Tiger at the Bronx Zoo tests positive for the Coronavirus

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According to National Geographic, a tiger at the Bronx Zoo has been the first zoo-animal to test positive for the Coronavirus. Nadia, a four-year-old Malayan tiger, had developed a dry cough in late March so the zoo decided to sedate Nadia and run some tests, including for COVID-19. The zoo did a number of diagnostic and blood tests and then sent samples to the New York State Diagnostic Laboratory at Cornell University and the University of Illinois College of Veterinary Medicine Veterinary Diagnostic Laboratory. Once the tests came back positive, the zoo noticed that two Siberian tigers and three African lions also had coughs and lack of appetites. The zoo decided the infection must have come from an employee who had the virus due to the zoo being closed to the public since March 16. This opens up the theory that cats may be able to catch the Coronavirus from people. ~

Before Nadia’s case, it was known that cats, both domestic and wild, could catch the feline coronavirus. According to the US National Library of Medicine and the National Institutes of Health, the feline coronavirus is a strand of coronavirus that affects felines specifically. But now Nadia has caught the COVID-19 strand (SARS-CoV-2). A team from Harbin Veterinary Research Institute in China gave a small number of felines a high dose of SARS-CoV-2 and found that only one of three cats caught the virus and none of the cats showed any symptoms (Nature). The team concluded that cats are susceptible to catching the Coronavirus but are not to be worried about just yet. According to the USDA and the Centers for Disease Control and Prevention (CDC), there is currently no evidence that domestic or wild animals can spread the coronavirus to people. ~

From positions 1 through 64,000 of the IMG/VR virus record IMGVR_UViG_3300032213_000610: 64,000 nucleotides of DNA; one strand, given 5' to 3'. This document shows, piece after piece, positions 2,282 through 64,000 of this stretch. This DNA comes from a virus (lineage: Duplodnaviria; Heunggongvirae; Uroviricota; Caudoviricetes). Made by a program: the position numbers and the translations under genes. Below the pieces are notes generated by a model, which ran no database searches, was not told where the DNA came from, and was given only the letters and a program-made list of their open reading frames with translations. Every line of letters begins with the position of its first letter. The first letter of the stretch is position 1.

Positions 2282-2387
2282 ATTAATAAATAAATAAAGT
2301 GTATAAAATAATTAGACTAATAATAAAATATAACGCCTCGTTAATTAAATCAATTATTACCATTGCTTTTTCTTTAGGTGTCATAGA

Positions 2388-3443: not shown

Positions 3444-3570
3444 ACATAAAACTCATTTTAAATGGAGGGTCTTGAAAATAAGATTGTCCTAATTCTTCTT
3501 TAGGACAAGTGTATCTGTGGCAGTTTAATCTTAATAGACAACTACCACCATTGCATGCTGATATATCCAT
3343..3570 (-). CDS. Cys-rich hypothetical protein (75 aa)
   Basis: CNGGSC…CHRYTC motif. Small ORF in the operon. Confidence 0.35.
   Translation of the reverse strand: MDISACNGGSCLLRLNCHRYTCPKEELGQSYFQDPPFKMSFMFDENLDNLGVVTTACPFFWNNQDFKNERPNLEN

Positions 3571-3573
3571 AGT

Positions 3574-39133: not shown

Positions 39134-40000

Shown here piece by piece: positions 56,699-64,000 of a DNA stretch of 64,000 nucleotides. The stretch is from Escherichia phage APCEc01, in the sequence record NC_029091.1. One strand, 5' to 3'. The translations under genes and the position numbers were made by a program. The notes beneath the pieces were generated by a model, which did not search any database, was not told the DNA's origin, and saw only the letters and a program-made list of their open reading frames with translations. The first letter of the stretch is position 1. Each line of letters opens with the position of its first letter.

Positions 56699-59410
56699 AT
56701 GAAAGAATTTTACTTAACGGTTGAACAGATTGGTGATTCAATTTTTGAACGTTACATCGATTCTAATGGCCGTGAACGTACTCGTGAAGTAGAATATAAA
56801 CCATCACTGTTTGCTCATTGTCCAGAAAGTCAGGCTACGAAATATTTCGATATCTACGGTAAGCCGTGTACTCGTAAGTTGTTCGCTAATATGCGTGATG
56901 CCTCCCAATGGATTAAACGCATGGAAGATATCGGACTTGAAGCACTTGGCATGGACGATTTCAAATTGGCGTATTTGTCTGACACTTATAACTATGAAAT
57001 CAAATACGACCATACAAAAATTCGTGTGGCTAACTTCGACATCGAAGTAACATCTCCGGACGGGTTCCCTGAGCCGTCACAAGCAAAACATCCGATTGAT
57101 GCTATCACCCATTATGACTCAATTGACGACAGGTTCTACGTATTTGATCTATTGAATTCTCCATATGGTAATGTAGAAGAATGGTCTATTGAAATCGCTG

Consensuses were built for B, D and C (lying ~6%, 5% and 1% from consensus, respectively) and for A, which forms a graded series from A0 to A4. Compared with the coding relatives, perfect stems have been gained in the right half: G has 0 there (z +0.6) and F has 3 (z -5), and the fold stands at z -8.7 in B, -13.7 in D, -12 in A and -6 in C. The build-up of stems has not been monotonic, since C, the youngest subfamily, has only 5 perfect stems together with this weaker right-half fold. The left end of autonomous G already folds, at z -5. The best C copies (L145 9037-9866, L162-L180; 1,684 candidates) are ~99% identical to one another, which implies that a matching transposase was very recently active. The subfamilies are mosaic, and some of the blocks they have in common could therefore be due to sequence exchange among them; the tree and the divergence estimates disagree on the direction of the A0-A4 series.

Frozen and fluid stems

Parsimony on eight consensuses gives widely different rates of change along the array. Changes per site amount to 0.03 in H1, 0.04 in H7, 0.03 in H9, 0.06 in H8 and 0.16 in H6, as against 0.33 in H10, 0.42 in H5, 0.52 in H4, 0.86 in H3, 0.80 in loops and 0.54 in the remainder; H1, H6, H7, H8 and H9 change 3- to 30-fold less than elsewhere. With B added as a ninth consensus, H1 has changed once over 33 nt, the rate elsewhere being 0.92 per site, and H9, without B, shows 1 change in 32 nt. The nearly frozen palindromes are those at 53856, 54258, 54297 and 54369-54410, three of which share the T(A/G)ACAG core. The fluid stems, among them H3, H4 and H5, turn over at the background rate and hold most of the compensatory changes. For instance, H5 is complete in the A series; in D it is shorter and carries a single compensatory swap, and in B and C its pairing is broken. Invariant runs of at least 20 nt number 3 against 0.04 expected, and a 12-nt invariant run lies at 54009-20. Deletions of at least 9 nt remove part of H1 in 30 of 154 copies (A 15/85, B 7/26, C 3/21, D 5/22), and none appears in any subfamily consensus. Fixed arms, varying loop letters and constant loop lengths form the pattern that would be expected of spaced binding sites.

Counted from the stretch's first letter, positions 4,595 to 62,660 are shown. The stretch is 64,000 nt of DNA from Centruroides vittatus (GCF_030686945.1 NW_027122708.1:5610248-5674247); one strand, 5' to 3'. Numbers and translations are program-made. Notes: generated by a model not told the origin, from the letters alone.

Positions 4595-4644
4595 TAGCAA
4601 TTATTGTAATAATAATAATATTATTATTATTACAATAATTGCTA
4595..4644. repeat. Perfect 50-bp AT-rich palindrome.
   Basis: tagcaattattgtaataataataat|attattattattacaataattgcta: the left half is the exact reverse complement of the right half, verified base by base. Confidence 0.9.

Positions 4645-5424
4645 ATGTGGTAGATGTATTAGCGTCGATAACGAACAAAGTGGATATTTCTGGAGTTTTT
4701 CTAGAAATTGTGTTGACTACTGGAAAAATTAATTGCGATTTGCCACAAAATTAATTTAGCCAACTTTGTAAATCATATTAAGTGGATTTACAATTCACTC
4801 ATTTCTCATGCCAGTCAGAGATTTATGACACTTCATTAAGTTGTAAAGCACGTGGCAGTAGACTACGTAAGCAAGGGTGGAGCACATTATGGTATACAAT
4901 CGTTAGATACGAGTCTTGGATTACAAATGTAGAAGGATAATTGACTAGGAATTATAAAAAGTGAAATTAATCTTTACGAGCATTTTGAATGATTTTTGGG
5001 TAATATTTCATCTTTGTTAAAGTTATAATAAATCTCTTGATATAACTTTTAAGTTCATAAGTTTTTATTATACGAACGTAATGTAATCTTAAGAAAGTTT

Although this is the first reported case of a zoo animal catching the Coronavirus, the veterinarians at the Bronx Zoo believe it is not the only case in the country. However, they believe it is important to focus on testing people over animals. Paul Calle, chief veterinarian for the Bronx Zoo, claimed, “If we’d known the keeper had COVID-19 they wouldn’t have been at work. If [the virus] can go from people to big cats, the most important thing we can do is test the people” (National Geographic). ~

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